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Ben Bland & Yeoh Siew Hoon
Worrying early signs, startup problems plague the Lion City’s gaming
Singapore’s two casinos have succeeded in attracting a lot of publicity and hundreds of thousands of punters in their first few weeks but there appear to be some worrying early signs.
We set out previously how the Singapore government was taking a double bet by legalizing casino gambling, wagering that the Marina Bay Sands and Resorts World Sentosa casinos will be able recoup their massive investments (over US$10billion in total) and that the casinos can thrive financially without leading to untoward social consequences (prostitution, organized crime, addiction, etc)
Well, according to initial soundings by some analysts and a report in today’s government-controlled Straits Times, they may have a problem on both counts. Citing a number of analysts, the Straits Times claims that the bulk of the gamblers at the two casinos are Singaporean citizens and permanent residents, who have to pay a S$100 ($72) daily or S$2,000 ($1,435) annual levy to play the tables.
This represents a potential financial concern because analysts believe the local players are mostly gambling relatively small amounts. The casinos need to attract the likes of the big-betting Chinese officials and businessmen who flock to Macau, even if strict Singapore regulations have made it difficult for them to bring in these high rollers.
It also points to a possible increase in social problems down the line. The government vision for the casinos was that they would service mostly foreign players in order to limit the damage on Singaporean society – hence the rather high entry levies for locals.
That does not appear to be happening yet and if the predominance of local players persists, it will be harder for the government to justify its decision to legalize casinos that are effectively transferring Singaporeans’ hard-earned savings into the hands of a Las Vegas casino magnate (MBS’ ultimate owner Sheldon Adelson) and a Malaysian gambling group (Resorts World owner Genting).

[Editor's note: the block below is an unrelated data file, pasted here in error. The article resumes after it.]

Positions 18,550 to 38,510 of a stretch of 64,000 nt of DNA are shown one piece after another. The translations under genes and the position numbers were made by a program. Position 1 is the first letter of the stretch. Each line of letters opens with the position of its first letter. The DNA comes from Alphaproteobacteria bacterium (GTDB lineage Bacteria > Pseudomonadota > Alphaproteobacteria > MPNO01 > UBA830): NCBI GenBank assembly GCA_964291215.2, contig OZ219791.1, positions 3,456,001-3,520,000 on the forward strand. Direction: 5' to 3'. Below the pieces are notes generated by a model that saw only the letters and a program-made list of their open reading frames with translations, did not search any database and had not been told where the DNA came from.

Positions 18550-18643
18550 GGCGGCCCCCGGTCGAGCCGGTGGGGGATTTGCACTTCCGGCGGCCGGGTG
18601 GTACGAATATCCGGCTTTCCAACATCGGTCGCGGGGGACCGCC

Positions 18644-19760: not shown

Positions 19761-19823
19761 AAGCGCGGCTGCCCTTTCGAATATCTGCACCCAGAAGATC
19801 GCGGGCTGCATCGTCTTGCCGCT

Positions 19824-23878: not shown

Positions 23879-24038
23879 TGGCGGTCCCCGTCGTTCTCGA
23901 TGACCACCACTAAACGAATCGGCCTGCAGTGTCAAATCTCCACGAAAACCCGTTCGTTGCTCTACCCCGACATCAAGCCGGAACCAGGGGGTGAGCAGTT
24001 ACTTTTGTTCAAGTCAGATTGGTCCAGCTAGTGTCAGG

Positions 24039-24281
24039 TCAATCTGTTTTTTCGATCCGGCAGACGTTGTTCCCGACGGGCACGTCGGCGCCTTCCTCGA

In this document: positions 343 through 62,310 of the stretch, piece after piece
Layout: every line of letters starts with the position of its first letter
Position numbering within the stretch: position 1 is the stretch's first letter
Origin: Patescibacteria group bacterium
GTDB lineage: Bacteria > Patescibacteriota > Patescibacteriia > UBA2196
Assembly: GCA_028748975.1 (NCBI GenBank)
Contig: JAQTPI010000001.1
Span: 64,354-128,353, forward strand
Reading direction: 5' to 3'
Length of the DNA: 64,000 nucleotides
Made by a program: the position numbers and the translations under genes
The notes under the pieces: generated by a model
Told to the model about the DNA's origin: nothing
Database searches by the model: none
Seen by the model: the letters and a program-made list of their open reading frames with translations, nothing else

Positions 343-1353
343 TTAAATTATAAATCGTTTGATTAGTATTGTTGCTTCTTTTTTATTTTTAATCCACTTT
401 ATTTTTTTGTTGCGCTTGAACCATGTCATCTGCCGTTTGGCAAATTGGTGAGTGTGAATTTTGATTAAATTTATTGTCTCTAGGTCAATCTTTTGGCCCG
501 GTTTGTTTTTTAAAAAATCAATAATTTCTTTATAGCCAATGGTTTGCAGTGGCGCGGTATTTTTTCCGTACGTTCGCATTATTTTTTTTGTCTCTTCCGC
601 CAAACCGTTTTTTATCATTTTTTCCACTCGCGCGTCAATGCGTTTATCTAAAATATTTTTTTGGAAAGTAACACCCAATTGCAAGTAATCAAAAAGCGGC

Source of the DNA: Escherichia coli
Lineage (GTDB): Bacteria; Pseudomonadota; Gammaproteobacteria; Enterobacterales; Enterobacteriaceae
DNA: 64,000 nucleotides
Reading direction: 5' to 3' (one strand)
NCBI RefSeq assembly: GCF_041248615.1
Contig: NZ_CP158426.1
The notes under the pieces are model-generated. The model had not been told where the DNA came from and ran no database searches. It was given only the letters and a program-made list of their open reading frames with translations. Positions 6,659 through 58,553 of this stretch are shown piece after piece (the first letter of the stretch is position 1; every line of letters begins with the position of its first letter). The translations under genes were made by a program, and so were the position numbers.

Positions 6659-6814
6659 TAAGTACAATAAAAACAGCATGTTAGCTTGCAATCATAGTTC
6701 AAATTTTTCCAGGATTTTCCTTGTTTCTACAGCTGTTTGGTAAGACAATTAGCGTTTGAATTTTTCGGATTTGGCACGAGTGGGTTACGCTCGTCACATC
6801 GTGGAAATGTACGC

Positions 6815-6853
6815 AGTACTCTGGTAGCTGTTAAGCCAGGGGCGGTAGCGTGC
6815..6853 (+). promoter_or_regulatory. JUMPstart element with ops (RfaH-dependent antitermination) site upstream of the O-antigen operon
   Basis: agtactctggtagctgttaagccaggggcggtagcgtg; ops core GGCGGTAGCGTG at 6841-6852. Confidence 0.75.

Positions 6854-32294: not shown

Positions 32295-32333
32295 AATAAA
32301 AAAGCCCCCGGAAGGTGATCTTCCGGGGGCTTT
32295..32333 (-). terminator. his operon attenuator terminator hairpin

Having said all that, it is still early days. The locals’ fascination with the casinos may wear off and it may take time for the casinos’ VIP marketing efforts to take effect. The South China Morning Post reported on May 2 that Singapore appears to be gathering some benefit by curbs on mainlanders in Macau, where Beijing, stung by widespread reports of corruption, is seeking to crack down on money laundering and gambling by government officials misusing public funds. The SCMP reported that mainland gamblers at the Marina Bay Sands said their visits to Singapore had been approved quickly and smoothly. The story quoted a Shenzhen public official as saying there are no restrictions on residents visiting the island republic. It has become difficult if not impossible for Shenzhen civil servants to visit Macau, the story said.
Stringent money-laundering laws mean Chinese officials are less worried about Singapore, the story said. It quoted gaming analyst professor Zeng Zhonglu of Macau Polytechnic Institute as saying Singapore exercises rigorous oversight of high rollers’ gambling, in part to protect its reputation as an international financial center.
In the meantime, the Marina Bay Sands ran into an embarrassing series of glitches on its opening –delays, management shake-ups, staff woes, construction problems and now the latest salt to be rubbed into the wound – threats of legal action by organizers of the Inter-Pacific Bar Association (IPBA) Conference, the first event it hosted after opening on April 27.
Lawyers are born to litigate and they appear to be considering doing it over the fact that the 1,000 members of the bar association had to sleep without air conditioners the first night of the conference, that the phones in the bedrooms didn’t work, nor did the hot water or the toilets in the rooms and that the spa and swimming pool weren’t open.
Apparently, a committee meeting had to be reconvened along a corridor because the piped music playing in the meeting room was too loud and the staff couldn’t do anything about it because the sound engineer was not around. There was also a 30-minute blackout during a key address by the Chief Justice of New South Wales, Australia.